A grief-stricken family from KwaDukuza are still upset after their loved one’s body went missing from Stanger Hospital mortuary.
The corpse of matriarch Gladys MaQiki Njiyela, who died on Friday, 8 January, was reported missing 3 days later after the undertaker from the funeral home arrived at the mortuary to collect the 71-year-old’s body for burial.
After not receiving a satisfactory answer from hospital authorities, the family demanded that they be allowed inside the mortuary to look for her body.
Njiyela’s grandson, Khulekani Njiyela said they had to postpone the burial which was scheduled to take place at Mandeni, with many family members travelling from far to pay their respects.
“The funeral was arranged for the Wednesday so we had to cancel the catering, try and salvage the prepared food and inform everyone of the situation,” he said.
According to Khulekani, the mix-up happened when their grandmother’s nametag was put on the wrong body.
Njiyela said 2 family members were allowed entry into the mortuary, after donning personnel protective equipment, to search through the bodies.
They found their grandmother’s body the next day – wearing the wrong name tag.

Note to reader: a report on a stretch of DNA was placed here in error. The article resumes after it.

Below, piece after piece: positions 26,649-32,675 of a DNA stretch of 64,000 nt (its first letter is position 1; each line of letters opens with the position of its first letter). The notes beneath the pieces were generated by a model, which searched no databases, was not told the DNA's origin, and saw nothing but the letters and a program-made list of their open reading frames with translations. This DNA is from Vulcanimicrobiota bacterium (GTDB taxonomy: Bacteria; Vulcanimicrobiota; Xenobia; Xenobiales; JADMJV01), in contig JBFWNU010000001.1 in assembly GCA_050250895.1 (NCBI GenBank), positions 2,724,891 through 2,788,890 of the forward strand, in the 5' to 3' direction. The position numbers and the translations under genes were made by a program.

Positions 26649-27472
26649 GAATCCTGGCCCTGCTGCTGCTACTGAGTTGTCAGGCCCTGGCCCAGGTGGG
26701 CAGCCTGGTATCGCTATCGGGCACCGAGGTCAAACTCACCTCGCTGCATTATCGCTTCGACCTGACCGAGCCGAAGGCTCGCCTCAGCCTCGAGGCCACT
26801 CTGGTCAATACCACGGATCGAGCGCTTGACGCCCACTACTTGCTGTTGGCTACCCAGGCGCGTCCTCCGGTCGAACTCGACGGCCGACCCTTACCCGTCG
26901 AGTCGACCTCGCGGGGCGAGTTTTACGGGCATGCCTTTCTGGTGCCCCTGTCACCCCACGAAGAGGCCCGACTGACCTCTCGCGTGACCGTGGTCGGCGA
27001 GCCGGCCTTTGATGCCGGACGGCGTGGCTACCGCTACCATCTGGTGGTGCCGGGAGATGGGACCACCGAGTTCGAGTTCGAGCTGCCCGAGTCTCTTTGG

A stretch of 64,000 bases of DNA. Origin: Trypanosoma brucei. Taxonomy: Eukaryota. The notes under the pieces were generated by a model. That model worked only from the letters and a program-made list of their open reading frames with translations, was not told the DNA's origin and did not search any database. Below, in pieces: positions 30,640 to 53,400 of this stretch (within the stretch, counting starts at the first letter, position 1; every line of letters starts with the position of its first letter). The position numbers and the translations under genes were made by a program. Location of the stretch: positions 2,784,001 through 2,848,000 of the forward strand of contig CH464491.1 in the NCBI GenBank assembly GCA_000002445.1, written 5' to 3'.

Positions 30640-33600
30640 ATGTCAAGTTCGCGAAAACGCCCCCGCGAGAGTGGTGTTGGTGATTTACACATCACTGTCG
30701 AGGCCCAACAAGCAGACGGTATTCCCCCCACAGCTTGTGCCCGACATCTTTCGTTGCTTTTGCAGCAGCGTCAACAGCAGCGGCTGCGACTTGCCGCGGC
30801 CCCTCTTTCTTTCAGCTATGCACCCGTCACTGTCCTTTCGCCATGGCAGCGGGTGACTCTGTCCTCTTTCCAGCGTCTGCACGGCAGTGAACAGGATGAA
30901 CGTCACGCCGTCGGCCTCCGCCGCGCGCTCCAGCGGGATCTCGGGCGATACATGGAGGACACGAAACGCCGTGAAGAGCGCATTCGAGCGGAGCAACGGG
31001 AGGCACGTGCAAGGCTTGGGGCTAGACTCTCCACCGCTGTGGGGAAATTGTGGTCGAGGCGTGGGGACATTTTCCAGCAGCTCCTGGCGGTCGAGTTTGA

The Njiyela family were lucky that they were able to rectify the blunder and bury their grandmother.
However, the grim reckoning is a reminder of a system that is currently in crisis.
While much of the attention has focused on how to keep people out of hospitals, or how the system can handle them once there, less has been paid to what happens to the dead.
With scarce supplies, dwindling staff and the need to avoid exposure to Covid-19 (regulations prohibit viewing of bodies), bodies are piling up at hospital mortuaries as, according to funeral parlour owners, deaths have more than doubled since the second wave.
Funeral homes responsible for moving bodies out of morgues are also overwhelmed.
According to a KwaDukuza funeral home director who did not wish to be named, many of them have smaller morgues than hospitals and families struggling with quarantine and financial hardships on top of grief sometimes cannot leave their homes to make timely arrangements.
This creates an even greater backlog.
“Regulations do not allow mortuaries to keep a body of a Covid-19 patient for more than 10 days and the deceased person has to be cremated or buried within 10 days of the person’s death.
“We are having to do four or five coronavirus funerals a week and we are not coping.
“Already some morgues are running out of space. While Stanger hospital mortuary has increased capacity, that is at risk of not being enough either.”
This article was republished from North Coast Courier with permission